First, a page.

Matt Kemp was benched to start Wednesday’s game yet still came to bat with a total of six runners on base against the San Diego Padres. He drove in one. (Keith Birmingham/Pasadena Star-News)
“We had 10 hits today?” Adrian Gonzalez asked in an otherwise silent Dodgers clubhouse.
“Same old story,” he said.
The Dodgers are no mystery after 15 games. They are putting runners on base (their .337 on-base percentage is fourth in the National League) but not driving them in (their 39 runs scored are second-fewest in the NL, ahead of only the Miami Marlins). They’ve won seven games because their pitching staff is generally excellent. When it’s not excellent, as was the case Wednesday with Clayton Kershaw, they’re in trouble.
Maybe one person at the ballpark knew the Dodgers were in trouble from the outset Wednesday, and that was Kershaw himself.
Dodgers pitcher Zack Greinke said he’s watched replays of last Thurdsay’s brawl in San Diego. (Associated Press)
Say this much for Dodgers pitcher Zack Greinke: He’s trying to learn from his mistakes.
Mistake one: October 11, 2011. On the eve of the National League Championship Series between Greinke’s Brewers and the St. Louis Cardinals, Greinke was asked about Cardinals right-hander Chris Carpenter.
“They think his presence, his attitude out there sometimes is like a phony attitude,” Greinke told reporters in Milwaukee. “And then he yells at people. He just stares people down and stuff. And most pitchers just don’t do that. And when guys do, I guess some hitters get mad. Some hitters do it to pitchers. But when you do that some people will get mad.
“There’s other pitchers in the league that do it, but, I don’t know,” Greinke said, “a lot of guys on our team don’t like Carpenter.”
Major League Baseball is expediting Carlos Quentin’s appeal of his eight-game suspension and could rule on the matter today, according a report on the U-T San Diego website.
Writes Padres beat writer Bill Center:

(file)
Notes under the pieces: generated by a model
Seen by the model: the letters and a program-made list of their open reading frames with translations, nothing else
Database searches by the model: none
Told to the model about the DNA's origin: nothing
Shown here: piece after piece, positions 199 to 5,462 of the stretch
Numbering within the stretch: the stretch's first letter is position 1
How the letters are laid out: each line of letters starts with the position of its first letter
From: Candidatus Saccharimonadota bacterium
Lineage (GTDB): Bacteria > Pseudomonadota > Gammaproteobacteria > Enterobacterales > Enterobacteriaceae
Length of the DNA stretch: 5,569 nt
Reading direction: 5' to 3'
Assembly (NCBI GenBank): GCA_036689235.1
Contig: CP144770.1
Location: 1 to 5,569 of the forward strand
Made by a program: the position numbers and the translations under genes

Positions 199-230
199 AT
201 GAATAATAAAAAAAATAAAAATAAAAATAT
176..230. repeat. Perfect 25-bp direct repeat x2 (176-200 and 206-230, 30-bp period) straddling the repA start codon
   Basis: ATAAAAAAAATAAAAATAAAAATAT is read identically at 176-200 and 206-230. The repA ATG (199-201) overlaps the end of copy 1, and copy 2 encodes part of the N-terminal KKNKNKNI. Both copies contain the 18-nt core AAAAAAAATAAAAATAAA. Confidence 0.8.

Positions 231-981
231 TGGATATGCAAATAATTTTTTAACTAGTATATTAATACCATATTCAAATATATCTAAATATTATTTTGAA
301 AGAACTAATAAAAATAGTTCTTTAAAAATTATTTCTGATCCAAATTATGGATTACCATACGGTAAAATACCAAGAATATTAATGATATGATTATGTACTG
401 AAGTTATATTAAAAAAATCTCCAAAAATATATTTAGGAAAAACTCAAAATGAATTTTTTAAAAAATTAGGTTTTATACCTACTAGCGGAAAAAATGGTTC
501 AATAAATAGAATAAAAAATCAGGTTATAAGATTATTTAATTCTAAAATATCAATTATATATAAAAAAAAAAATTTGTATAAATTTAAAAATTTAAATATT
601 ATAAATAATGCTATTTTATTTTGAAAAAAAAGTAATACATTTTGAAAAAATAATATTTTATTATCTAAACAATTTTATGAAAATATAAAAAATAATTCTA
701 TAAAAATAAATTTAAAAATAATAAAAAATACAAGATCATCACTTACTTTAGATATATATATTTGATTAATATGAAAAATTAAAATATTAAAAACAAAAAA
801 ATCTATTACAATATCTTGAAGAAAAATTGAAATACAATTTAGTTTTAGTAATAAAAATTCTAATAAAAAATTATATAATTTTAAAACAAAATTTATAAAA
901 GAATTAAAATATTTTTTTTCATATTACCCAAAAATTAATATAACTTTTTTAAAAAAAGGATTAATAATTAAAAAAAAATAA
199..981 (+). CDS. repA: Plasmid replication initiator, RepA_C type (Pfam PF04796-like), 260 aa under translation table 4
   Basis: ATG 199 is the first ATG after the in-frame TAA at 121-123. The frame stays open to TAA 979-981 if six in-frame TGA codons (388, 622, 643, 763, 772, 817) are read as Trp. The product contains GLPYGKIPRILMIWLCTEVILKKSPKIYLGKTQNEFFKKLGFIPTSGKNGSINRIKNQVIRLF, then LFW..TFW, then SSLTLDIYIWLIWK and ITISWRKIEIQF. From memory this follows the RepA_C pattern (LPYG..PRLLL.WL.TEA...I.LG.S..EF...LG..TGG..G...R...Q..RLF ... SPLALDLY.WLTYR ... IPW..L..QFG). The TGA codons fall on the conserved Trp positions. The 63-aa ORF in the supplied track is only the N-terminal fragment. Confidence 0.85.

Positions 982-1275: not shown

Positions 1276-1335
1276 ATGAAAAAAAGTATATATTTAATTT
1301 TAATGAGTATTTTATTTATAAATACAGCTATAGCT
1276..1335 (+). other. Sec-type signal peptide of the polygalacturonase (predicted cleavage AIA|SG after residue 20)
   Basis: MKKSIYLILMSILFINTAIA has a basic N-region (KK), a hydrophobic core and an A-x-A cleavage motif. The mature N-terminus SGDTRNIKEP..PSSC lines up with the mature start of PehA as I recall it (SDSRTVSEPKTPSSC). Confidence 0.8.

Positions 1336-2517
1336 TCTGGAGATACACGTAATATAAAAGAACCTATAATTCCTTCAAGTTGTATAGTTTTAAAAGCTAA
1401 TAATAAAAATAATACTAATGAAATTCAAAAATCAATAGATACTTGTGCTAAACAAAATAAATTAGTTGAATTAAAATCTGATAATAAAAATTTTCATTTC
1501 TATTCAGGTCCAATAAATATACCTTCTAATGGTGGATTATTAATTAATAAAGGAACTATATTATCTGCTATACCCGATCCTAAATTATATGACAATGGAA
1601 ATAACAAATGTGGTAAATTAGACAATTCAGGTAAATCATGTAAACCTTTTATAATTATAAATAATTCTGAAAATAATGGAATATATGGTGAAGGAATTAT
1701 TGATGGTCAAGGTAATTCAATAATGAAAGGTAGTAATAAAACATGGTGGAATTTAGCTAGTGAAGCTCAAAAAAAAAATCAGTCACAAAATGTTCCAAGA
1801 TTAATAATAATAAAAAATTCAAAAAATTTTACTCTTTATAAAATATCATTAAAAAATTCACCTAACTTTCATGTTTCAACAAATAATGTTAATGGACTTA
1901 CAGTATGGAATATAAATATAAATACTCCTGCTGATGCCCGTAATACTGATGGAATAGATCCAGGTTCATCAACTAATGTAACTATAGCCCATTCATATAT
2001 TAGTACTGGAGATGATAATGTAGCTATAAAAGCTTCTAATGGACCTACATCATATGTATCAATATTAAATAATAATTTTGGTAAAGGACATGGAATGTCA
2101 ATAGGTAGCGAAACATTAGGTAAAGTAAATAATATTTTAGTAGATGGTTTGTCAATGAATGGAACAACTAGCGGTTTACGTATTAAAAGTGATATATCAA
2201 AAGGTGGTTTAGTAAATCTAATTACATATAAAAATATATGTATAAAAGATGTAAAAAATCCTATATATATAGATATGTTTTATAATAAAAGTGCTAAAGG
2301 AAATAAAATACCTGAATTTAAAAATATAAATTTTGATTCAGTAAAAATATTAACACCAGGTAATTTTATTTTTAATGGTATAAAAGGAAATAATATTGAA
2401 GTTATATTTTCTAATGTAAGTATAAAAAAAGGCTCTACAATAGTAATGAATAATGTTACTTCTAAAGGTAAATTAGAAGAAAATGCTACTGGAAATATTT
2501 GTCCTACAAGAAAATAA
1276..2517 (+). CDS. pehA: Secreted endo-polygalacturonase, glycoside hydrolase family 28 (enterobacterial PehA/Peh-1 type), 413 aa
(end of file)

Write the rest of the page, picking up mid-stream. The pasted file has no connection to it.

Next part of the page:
If the appeal process isn’t completed there is also a strong chance that the left fielder will drop the appeal and begin his suspension Monday.
“Major League Baseball is very aware of the situation,” a source in the league office said Saturday. “I think everyone would like to see a little time between the incident and Quentin’s next appearance at Dodger Stadium.”
The Padres visit the Dodgers for three games beginning tomorrow.
Update (11:30 a.m.)
Dodgers pitcher Zack Greinke broke his left collarbone in a benches-clearing brawl when Quentin charged the mound and tackled Greinke to the ground Thursday night at Petco Park. Greinke is expected to miss the next two months after undergoing successful surgery Saturday. Jerry Hairston Jr. was also suspended one game and fined for his role in the brawl, and has appealed the ruling with MLB.
Thursday’s brawl in San Diego will cost Dodgers pitcher Zack Greinke eight weeks on the disabled list because of a broken left clavicle.
Greinke was examined by team Dr. Neal ElAttrache today in Los Angeles and underwent a CT scan on his left clavicle. It was determined that he should undergo surgery to place a rod in the clavicle to stabilize and align the fracture. The surgery will be performed tomorrow by ElAttrache and team Dr. John Itamura at White Memorial Hospital in Los Angeles.
Greinke suffered the injury Thursday night in San Diego when the Padres’ Carlos Quentin charged Greinke after being hit by a pitch in the sixth inning.
Quentin hasn’t been suspended by Major League Baseball for now and is in the Padres’ lineup tonight against the Colorado Rockies in San Diego.
When the Dodgers retained a surplus of starting pitchers in anticipation that their top five would not make every start this season, they could not have imagined a scenario like the one that unfolded Thursday night.